Inching toward IPO, Genomatica hunts for cash

HOUSTON Mon Jun 13, 2011 3:59pm EDT

Genomatica Chief Executive Officer Christophe Schilling answers questions as he participates in the Reuters Energy Summit in Houston June 13, 2011. REUTERS/Richard Carson

Genomatica Chief Executive Officer Christophe Schilling answers questions as he participates in the Reuters Energy Summit in Houston June 13, 2011.

Credit: Reuters/Richard Carson

HOUSTON (Reuters) - Genomatica plans to raise up to $150 million, possibly through a stock offering, to capitalize on Wall Street's fascination with the lucrative renewable chemicals sector, its chief executive said.

As shoppers have been willing to pay more for cosmetics or specialty clothing rather than gasoline, Genomatica and its peers have realized that the real green gold mine is not alternative fuels, but alternative chemicals.

So far, Wall Street has gone along for the ride.

"We're pretty actively looking at the situation in both public and private markets," Genomatica Chief Executive Christophe Schilling said at the Reuters Global Energy and Climate Summit on Monday.

"For us to get to a point where we would see profitability, we're talking about raising anywhere on the order of $100 million to $150 million."

The funding would be in addition to $84 million Genomatica has received so far from Mitsubishi (8058.T), TPG, Draper Fisher Jurvetson, Alloy Ventures, Waste Management (WM.N) and other investors.

Genomatica makes chemicals from corn, biomass or landfill gas that are identical to those produced from crude oil or natural gas, and often at a cheaper price.

"When someone comes in and says, 'We make the same chemical, just instead of making it from crude oil we made it from sugar,' you can imagine there's much more ability to get rapid adoption," Schilling said.

Schilling demurred when asked directly about the timing of any possible initial public offering for the company he founded 10 years ago.

Still, he's aware that the best time to strike is often when the iron is hot. Shares of rival Amyris Inc (AMRS.O), for instance, have jumped 74 percent since going public last September.

"There is obviously interest not only here domestically in the traditional financial markets but also overseas," Schilling said at the Reuters Summit, held at the Reuters office in Houston. "A lot of sovereign wealth funds are highly interested in this area as well."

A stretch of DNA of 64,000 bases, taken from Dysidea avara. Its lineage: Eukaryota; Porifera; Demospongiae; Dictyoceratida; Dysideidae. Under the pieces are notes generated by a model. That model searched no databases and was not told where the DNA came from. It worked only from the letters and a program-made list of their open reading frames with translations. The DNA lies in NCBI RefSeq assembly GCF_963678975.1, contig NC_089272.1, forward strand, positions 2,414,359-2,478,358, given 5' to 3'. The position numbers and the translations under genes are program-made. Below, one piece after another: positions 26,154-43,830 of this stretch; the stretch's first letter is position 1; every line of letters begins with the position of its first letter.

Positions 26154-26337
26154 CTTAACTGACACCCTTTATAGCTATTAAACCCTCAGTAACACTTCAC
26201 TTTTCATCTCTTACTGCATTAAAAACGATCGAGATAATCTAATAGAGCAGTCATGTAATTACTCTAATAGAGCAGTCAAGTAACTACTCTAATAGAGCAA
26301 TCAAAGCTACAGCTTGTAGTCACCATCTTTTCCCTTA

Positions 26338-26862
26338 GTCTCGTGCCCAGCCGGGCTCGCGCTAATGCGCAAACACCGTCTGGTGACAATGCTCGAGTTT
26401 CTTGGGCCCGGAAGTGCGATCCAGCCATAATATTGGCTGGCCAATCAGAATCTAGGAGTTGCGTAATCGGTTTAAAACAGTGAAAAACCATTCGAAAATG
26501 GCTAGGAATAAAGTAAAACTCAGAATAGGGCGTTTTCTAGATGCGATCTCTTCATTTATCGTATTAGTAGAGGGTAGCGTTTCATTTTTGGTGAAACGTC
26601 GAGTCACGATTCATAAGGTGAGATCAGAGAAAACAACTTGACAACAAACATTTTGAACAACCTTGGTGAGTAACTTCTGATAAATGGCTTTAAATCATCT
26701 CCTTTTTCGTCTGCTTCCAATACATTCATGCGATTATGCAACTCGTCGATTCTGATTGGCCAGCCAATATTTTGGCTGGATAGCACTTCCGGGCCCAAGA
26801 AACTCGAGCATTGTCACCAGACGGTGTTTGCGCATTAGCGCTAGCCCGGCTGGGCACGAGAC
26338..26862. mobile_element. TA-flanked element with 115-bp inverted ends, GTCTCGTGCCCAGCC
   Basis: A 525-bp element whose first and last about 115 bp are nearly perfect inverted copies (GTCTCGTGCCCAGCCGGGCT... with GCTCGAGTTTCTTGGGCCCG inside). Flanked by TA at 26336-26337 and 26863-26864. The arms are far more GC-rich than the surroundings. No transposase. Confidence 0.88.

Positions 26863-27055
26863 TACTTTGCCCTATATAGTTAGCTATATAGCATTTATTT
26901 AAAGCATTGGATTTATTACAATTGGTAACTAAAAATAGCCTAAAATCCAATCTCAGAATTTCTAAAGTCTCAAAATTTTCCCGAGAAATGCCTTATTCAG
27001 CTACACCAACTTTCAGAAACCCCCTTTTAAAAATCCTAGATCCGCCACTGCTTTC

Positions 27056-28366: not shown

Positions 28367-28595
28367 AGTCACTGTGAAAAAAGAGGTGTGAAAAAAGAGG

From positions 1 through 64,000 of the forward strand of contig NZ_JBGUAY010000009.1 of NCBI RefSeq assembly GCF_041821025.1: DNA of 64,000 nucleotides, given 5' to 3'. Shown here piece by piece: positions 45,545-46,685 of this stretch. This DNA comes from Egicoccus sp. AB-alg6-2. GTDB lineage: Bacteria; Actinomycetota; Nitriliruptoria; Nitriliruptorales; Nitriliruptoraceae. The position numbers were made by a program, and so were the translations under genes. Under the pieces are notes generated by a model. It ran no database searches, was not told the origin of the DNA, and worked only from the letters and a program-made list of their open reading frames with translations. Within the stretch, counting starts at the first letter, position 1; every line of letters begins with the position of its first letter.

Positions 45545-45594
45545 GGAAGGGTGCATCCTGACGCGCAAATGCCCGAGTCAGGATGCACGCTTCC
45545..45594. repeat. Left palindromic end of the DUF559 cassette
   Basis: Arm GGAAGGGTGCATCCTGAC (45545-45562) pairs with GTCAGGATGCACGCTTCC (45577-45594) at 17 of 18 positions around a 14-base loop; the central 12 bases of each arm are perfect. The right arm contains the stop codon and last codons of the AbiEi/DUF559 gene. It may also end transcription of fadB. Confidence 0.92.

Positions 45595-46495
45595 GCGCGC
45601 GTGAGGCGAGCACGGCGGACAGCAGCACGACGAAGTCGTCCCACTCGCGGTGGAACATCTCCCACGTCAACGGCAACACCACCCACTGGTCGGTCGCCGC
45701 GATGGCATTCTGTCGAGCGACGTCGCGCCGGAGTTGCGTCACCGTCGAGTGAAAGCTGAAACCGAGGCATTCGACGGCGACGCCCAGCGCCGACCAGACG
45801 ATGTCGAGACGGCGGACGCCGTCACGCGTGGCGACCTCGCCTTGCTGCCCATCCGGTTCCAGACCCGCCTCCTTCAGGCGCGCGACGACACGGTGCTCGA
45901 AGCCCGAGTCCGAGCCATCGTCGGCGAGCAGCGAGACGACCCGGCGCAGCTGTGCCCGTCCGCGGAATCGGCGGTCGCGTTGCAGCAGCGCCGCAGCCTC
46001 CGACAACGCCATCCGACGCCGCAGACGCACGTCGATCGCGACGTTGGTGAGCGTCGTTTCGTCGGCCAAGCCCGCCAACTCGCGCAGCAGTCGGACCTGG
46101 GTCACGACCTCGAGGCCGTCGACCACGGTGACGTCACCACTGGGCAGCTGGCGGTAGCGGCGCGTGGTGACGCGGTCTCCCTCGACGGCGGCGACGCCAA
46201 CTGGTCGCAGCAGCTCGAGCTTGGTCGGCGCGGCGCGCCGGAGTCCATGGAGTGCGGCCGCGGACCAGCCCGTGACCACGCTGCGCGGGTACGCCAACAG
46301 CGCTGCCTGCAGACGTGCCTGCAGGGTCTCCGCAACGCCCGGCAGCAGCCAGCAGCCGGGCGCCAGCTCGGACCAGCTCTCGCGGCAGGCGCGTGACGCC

Programing E. COLI

The bulk of Genomatica's technology comes from Schilling's graduate research at the University of California, San Diego, where he discovered E. coli bacteria can be programed to produce several chemicals using a range of feedstocks, not just corn.

The company has begun began making small batches of butanediol, a chemical used to make spandex, as part of a licensing partnership with Tate & Lyle (TATE.L).

It hopes to commercially launch the product next year.

Genomatica is able to produce butanediol at lower temperatures than traditional crude processes and with less carbon dioxide emissions, Schilling said.

Rivals, including BASF (BASFn.DE) and LyondellBasell (LYB.N), annually produce roughly 4 billion pounds of the chemical from fossil fuels, at 24 plants.

Genomatica is able to produce the chemical for as cheap as 50 cents per pound, cheaper than traditional rivals. That cheaper price hints of the potential windfall if Genomatica's technology takes off.

"The biggest challenge that the green movement has always had is its higher costs," Schilling said. "The best-success stories are when sustainability improves the bottom line."

The San Diego-based company is also hoping to produce propylene and other chemicals in the future.

"What we're trying to develop for the chemical industry is feedstock flexibility," Schilling, 37, said.

Genomatica has no interest in running large chemical plants; it much prefers to license out its technology to customers that want to make their own chemical, Schilling said.

When asked if he would ever use his technology to make gasoline, Schilling smiled, but stood firm on his business model.

"I have no interest in making fuels," Schilling said. "I can make a lot more in chemicals."

(Reporting by Ernest Scheyder, Nichola Groom, Matt Daily, Braden Reddall, Michael Erman, Bruce Nichols and Anna Driver; Editing by Gary Hill)